Mercury Bay Informer, Waikato, by Deli Connell, 19 Apr 2017
Coromandel Town has a "goldmine." Should Whitianga have one too?
General News - page 23 

A goldmine has opened in Coromandel Town.

Before you start imagining enormous trucks, drills and blasting gear, relax! This goldmine is good for the environment.

The brand spanking new Goldmine Re-Use Centre has been five years in the planning and has been trading well since its first day of operation at the Coromandel Refuse Transfer Station in Hauraki Road, Coromandel Town on 28 December last year. Its official opening was finally celebrated on Friday 24 March.

The opening was a surprisingly "gala" affair, despite the centre's location at a transfer station, with a gazebo, refreshments and music playing to welcome the gathering of staff, supporters, iwi and elected representatives and enthusiastic community members.

A jaunty "ribbon" barred the door (from folks keen to sift through the wares for a bargain) and was much admired by the crowd, being made from eclectic bits and bobs such as cooking utensils, teddies, cloth and even an old racquet.

The centre has been named the Goldmine as it sits in the proximity of the Hauraki mine of old. So close in proximity, in fact, that a mine shaft was discovered beneath the site of the centre and some rapid engineering changes had to be made to the foundations.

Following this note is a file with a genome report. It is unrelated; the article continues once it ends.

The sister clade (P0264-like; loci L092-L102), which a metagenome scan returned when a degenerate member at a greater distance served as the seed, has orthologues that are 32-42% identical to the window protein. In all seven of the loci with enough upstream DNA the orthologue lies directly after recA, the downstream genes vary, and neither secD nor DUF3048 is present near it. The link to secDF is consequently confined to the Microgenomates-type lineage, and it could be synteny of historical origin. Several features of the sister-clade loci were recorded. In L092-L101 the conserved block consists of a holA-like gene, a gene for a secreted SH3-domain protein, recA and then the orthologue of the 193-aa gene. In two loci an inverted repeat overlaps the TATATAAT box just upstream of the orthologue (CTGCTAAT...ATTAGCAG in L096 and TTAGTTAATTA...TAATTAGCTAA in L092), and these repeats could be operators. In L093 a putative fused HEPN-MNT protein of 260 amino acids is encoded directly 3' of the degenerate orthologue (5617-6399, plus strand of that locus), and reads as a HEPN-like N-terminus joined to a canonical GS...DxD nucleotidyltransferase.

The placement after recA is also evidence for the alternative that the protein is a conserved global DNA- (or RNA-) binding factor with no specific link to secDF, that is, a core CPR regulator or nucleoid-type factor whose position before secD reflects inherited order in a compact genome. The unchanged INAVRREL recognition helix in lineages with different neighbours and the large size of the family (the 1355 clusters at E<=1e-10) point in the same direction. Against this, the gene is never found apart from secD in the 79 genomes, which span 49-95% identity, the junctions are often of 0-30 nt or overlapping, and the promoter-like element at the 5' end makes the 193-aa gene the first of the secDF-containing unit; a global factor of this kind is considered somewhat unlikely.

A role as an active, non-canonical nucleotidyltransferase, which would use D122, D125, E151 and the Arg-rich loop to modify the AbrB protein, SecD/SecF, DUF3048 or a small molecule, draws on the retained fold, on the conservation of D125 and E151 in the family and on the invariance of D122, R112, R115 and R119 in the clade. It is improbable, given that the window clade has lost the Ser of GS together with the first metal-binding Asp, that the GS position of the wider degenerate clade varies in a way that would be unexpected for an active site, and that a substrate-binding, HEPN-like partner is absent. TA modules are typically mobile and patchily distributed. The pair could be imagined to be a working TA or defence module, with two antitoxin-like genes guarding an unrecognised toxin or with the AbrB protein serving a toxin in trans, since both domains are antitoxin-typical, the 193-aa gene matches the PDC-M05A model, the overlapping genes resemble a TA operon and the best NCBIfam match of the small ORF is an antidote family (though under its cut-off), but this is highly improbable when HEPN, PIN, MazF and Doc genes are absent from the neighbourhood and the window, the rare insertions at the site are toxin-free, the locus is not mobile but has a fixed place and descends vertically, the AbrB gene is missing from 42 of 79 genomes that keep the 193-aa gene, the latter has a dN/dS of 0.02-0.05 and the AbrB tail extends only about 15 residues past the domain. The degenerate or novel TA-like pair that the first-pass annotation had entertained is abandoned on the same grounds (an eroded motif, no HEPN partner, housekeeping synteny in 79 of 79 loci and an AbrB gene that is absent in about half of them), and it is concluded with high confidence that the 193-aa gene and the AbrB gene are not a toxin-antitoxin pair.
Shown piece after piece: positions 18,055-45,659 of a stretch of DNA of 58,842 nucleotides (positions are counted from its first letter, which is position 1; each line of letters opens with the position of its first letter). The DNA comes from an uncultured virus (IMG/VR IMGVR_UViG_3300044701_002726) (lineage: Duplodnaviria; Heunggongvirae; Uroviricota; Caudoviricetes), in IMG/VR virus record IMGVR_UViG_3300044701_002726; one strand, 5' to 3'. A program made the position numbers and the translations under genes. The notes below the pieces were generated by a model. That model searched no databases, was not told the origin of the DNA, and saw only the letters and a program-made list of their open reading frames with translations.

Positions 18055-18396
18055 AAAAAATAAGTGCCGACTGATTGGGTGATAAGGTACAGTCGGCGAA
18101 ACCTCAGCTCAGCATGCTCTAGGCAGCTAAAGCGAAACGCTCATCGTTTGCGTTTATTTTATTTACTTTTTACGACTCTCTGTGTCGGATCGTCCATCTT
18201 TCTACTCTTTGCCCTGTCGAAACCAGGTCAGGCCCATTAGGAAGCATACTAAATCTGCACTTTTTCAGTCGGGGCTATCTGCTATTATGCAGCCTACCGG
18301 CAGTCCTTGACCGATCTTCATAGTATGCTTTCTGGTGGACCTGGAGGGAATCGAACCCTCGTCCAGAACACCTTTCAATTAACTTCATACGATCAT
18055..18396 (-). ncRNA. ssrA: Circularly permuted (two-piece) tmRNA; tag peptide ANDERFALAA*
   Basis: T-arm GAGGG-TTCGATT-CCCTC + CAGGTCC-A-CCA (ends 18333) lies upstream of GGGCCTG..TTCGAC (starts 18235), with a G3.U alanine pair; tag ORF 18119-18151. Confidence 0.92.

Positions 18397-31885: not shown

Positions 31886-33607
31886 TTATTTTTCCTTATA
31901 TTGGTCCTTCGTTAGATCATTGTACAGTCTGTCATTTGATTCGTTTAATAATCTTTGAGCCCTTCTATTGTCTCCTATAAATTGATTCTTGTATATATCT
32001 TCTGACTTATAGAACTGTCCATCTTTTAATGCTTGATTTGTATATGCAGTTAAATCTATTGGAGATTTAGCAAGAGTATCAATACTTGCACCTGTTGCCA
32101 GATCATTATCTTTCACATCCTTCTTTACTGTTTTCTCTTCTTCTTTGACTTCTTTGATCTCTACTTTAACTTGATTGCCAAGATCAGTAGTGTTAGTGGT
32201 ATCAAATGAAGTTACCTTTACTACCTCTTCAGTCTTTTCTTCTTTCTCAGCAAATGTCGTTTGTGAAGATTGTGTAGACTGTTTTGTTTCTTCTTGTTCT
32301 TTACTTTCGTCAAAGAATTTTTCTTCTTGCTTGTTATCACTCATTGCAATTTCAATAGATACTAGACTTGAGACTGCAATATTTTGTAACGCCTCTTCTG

The facility has been established and is operated by Coromandel Independent Living Trust (CILT) as a joint venture with Thames Coromandel District Council - the refuse service provider and site owner - and Smart Environmental - TCDC's solid waste contractor.

Funding for the project has been received from, among others, the Waste Minimisation Fund (which is administered by the Ministry for the Environment), TCDC, Waikato Regional Council, Trust Waikato, the Seagull Centre Trust in Thames and several local sponsors.

The philosophy behind the venture is to improve waste management practices in TCDC's Coromandel-Colville Ward by minimising the volume of reusable items being thrown away and transported away from the Coromandel Peninsula to be disposed of at the Tirohea landfill.

The key difference between the centre and most op-shop type operations, is the repair workshop which is run by skilled volunteers and provide work skills training to the disadvantaged and underemployed.

Mike Noonan, CILT's executive trustee says,

"This initiative is a great example of community-focused social enterprise aiming to provide employment with the support of volunteers for a great environmental outcome."

Project manager, Guy Macindoe, said it all started with the Coromandel-Colville Community Board asking CILT to investigate ways to improve waste management about five years ago and it's been a real team effort bringing the project together ever since.

Back on "our side of the hill," Whitianga Social Services manager, Jenny Wolf is supportive of initiatives which promote the reuse of unwanted materials and help to prevent the accumulation of rubbish in our landfills.

"I totally agree with the concept," she says.

"The 'Boomerang Bags' initiative [where volunteers are making re-usable bags from clothing and spare fabric] we are leading is another good example.

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